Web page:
Core inflation in many parts of Asia is at multi-year highs, and hitting the upper end of policy makers comfort zones.
Central banks are, for the first time in quite a long time, faced with the decision should we follow the Fed should we tighten rates can our domestic economies handle that said Jan Lambregts, head of Asia-Pacific research at Rabobank in Singapore.
It was a fine line between reining in inflation and hurting domestic demand, Lambregts said, although he added inflation was unlikely to spiral out of control.
A big part of the rise in inflation has come from higher oil prices as governments in Thailand, Malaysia and Indonesia have cut subsidies that sheltered consumers from dearer oil.
The good news on Asias inflation is, for the first time in years, producers are able to pass on higher input costs, such as oil, to consumers. As well, global growth is above a 20-year average and interest rates in the region are near historic lows.
The worrying part is that central banks will be raising rates just when exports and domestic consumption are reviving, raising the risk of stymied recoveries and government displeasure.
The policy dilemma is acute in Thailand, and to an extent in Indonesia, where authorities are unable to tackle oil-induced inflation with the conventional policy of letting currencies rise.
Increasing imports and slowing capital inflows have led to a sharp deterioration in Thailands and Indonesias trade balances, and to weakness in the baht and rupiah currencies.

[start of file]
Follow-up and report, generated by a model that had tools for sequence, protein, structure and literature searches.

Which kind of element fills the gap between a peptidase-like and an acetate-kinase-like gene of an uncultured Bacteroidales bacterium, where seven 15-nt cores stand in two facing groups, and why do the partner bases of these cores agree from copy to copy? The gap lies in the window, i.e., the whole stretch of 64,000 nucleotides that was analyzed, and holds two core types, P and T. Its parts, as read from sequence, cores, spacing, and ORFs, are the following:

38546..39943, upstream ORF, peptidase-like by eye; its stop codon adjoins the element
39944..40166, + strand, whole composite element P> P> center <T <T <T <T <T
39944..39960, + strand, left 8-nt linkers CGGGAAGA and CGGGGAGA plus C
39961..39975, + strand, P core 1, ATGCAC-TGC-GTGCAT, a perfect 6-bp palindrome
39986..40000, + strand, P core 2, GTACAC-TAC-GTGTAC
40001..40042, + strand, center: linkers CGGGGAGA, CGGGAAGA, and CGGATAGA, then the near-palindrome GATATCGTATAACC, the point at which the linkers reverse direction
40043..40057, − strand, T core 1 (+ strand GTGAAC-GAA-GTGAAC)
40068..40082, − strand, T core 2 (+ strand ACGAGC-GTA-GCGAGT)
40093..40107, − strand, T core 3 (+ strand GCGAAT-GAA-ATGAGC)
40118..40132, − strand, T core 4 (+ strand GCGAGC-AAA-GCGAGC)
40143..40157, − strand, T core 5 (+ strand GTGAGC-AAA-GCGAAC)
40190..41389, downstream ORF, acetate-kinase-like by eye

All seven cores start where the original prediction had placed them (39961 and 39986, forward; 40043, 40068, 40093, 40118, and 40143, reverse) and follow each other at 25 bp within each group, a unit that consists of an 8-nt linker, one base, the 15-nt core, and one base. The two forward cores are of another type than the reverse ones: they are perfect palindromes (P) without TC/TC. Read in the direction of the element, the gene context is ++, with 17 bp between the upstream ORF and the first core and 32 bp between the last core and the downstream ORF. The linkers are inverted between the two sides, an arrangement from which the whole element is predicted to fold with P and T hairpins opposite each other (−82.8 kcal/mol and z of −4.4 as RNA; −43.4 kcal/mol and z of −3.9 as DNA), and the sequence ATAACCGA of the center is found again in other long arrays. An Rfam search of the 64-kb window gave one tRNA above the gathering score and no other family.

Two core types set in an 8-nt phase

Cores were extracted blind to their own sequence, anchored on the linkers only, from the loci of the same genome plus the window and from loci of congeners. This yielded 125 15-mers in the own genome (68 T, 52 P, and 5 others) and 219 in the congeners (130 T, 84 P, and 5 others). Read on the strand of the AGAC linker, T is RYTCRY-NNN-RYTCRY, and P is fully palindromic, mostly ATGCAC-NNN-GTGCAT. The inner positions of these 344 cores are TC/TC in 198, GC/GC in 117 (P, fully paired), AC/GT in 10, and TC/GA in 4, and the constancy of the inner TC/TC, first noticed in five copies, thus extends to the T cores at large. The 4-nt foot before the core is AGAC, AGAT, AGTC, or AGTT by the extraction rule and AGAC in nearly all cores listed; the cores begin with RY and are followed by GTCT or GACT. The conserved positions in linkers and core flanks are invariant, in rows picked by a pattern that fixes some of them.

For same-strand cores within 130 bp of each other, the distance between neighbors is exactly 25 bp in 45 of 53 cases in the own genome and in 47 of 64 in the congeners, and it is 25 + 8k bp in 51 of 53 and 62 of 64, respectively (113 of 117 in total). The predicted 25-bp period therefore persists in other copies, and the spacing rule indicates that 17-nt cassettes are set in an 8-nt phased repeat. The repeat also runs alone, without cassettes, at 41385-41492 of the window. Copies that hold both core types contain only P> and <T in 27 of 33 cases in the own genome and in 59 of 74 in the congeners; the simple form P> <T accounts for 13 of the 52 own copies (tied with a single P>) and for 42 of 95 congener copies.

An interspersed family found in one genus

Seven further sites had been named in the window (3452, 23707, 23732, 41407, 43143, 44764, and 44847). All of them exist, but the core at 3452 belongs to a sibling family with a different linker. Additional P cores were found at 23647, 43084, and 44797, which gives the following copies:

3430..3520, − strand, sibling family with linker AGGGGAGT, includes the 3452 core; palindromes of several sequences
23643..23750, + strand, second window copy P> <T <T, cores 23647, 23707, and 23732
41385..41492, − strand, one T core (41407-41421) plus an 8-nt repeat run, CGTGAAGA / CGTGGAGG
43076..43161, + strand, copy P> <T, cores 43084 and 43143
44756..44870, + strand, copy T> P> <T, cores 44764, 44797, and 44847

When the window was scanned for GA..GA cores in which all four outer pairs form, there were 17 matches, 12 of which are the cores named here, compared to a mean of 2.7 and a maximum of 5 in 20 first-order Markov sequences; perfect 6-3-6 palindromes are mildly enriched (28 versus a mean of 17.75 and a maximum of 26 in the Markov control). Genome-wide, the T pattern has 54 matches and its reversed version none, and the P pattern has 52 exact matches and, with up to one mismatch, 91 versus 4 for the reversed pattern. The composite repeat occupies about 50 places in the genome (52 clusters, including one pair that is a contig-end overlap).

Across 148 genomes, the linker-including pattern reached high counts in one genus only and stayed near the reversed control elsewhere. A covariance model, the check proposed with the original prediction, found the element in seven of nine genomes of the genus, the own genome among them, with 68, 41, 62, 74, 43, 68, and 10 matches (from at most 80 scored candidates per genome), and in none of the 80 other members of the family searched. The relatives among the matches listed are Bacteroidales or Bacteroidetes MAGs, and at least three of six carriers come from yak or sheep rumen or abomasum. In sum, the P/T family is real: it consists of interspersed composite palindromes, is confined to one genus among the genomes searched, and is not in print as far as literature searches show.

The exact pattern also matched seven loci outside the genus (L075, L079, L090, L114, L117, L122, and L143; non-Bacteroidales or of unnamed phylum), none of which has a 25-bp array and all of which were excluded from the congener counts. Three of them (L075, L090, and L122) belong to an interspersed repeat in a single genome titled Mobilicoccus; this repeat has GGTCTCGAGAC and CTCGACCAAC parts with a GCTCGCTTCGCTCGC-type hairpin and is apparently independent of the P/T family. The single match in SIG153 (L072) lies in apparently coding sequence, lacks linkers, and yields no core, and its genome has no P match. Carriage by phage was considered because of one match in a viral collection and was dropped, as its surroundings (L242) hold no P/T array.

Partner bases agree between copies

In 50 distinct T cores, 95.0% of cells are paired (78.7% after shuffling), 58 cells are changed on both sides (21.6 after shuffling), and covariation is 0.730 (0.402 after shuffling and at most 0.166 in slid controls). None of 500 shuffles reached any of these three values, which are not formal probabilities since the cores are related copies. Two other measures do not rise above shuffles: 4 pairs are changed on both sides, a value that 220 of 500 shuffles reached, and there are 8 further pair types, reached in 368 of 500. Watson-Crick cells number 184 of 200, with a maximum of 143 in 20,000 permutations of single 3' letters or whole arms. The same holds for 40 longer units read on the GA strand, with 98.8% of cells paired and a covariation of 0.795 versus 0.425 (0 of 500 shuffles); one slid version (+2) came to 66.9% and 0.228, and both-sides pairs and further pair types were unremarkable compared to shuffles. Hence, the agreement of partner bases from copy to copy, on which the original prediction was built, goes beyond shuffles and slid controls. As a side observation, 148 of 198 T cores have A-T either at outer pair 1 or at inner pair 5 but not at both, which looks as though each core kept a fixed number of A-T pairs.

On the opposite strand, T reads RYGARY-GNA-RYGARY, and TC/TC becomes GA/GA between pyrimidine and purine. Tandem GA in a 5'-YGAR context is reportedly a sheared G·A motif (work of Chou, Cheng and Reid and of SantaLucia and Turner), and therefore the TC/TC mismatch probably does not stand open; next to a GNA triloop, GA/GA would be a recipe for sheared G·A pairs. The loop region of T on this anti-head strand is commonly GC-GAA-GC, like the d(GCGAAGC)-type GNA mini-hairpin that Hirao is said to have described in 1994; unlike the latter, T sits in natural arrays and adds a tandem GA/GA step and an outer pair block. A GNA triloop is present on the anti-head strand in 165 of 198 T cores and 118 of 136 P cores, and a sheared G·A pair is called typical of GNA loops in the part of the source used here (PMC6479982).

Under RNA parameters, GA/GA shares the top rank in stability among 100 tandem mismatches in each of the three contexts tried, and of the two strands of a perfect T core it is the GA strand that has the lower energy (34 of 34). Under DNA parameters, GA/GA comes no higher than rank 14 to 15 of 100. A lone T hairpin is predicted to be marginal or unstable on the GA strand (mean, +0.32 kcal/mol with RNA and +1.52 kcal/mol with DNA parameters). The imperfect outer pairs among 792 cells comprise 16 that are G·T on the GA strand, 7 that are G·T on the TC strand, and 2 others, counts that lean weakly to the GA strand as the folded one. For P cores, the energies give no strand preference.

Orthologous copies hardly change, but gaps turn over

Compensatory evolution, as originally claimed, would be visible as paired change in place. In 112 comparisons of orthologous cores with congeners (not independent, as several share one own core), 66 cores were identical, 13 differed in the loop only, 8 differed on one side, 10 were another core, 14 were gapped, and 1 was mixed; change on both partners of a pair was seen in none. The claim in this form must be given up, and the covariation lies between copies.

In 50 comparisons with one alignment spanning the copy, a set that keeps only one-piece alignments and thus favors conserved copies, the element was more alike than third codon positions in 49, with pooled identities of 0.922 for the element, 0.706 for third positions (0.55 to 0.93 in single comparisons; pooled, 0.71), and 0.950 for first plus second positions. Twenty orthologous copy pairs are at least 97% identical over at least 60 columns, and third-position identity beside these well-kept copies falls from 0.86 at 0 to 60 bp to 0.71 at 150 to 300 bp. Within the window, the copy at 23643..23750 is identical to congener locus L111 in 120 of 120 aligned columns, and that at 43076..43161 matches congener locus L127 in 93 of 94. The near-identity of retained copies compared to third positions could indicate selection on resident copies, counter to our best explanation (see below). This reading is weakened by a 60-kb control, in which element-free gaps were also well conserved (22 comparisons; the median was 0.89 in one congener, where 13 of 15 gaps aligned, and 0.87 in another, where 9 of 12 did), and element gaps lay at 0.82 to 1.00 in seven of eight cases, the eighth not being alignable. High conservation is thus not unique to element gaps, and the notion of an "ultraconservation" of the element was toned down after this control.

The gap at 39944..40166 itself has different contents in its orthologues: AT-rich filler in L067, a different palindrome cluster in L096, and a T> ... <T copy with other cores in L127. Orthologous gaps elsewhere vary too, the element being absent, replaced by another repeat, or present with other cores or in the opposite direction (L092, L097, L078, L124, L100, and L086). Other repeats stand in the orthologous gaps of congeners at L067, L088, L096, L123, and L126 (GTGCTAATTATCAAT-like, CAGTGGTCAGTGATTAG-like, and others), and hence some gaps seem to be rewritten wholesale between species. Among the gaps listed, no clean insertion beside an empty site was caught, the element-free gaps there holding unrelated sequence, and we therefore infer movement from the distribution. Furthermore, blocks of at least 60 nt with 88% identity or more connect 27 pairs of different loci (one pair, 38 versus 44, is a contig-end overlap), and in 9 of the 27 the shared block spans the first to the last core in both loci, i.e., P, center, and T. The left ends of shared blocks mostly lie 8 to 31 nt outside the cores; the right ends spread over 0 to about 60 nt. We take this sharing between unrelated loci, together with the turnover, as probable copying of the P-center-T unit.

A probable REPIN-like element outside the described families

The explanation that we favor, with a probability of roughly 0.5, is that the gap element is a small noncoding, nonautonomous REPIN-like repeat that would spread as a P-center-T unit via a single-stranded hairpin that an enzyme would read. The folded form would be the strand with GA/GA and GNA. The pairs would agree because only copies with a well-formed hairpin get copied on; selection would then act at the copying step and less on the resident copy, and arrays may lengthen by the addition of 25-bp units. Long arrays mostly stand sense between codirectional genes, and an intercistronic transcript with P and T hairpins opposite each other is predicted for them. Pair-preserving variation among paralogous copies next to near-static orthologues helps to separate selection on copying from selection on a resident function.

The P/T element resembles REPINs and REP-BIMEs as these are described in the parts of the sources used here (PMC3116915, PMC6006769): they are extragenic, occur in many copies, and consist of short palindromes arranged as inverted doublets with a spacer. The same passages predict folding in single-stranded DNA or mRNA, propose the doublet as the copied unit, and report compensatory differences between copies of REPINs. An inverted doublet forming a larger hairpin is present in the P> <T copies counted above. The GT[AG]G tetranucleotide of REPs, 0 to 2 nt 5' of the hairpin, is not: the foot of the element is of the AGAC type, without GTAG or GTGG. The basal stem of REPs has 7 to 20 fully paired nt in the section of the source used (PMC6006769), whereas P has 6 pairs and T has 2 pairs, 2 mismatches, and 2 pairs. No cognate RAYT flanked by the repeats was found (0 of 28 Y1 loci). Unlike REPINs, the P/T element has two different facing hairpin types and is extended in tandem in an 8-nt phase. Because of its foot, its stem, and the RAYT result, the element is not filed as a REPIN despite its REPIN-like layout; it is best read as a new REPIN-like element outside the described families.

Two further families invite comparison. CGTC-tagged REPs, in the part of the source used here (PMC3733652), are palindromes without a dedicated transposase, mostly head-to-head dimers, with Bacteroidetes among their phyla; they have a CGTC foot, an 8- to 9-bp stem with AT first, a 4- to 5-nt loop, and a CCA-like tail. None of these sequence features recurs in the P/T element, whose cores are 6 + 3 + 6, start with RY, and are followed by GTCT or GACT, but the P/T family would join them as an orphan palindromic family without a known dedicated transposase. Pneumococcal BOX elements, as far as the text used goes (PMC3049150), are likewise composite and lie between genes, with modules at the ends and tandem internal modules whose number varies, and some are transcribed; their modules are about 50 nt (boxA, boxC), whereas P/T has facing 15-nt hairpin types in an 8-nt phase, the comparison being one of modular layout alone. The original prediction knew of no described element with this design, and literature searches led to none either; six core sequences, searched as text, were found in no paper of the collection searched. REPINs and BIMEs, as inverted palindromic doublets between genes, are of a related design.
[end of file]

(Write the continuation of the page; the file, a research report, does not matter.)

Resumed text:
Thailand has raised policy rates six times since last August, lifting them even after a first-quarter economic contraction.
Christa Janjic, regional economist with UBS, says if oil prices do not ease, Thai growth will slow, the baht will weaken, and inflation and interest rates will rise.
At the extreme it could lead to stagflation, a period of low growth and high inflation, Janjic said in a note.
Some parts of Asia have always had high inflation. Indonesias consumer prices have risen at an annual pace of over 4 percent for the past five years, even hitting 85 percent just after the 1997/98 financial crisis when the rupiah plunged.
Most of Asias inflation since the crisis was owing to higher oil and commodity prices, droughts and floods affecting food prices or weak currencies pushing up import costs. Right now, we are looking at a different sort of inflation, one which is demand-pull driven, which is caused by the recovery in the business cycle. It is less balance-of-payments induced, said Adam Le Mesurier, regional economist with Goldman Sachs.
Costlier oil was pushing up producer prices, but rising consumer prices showed there was demand in these economies.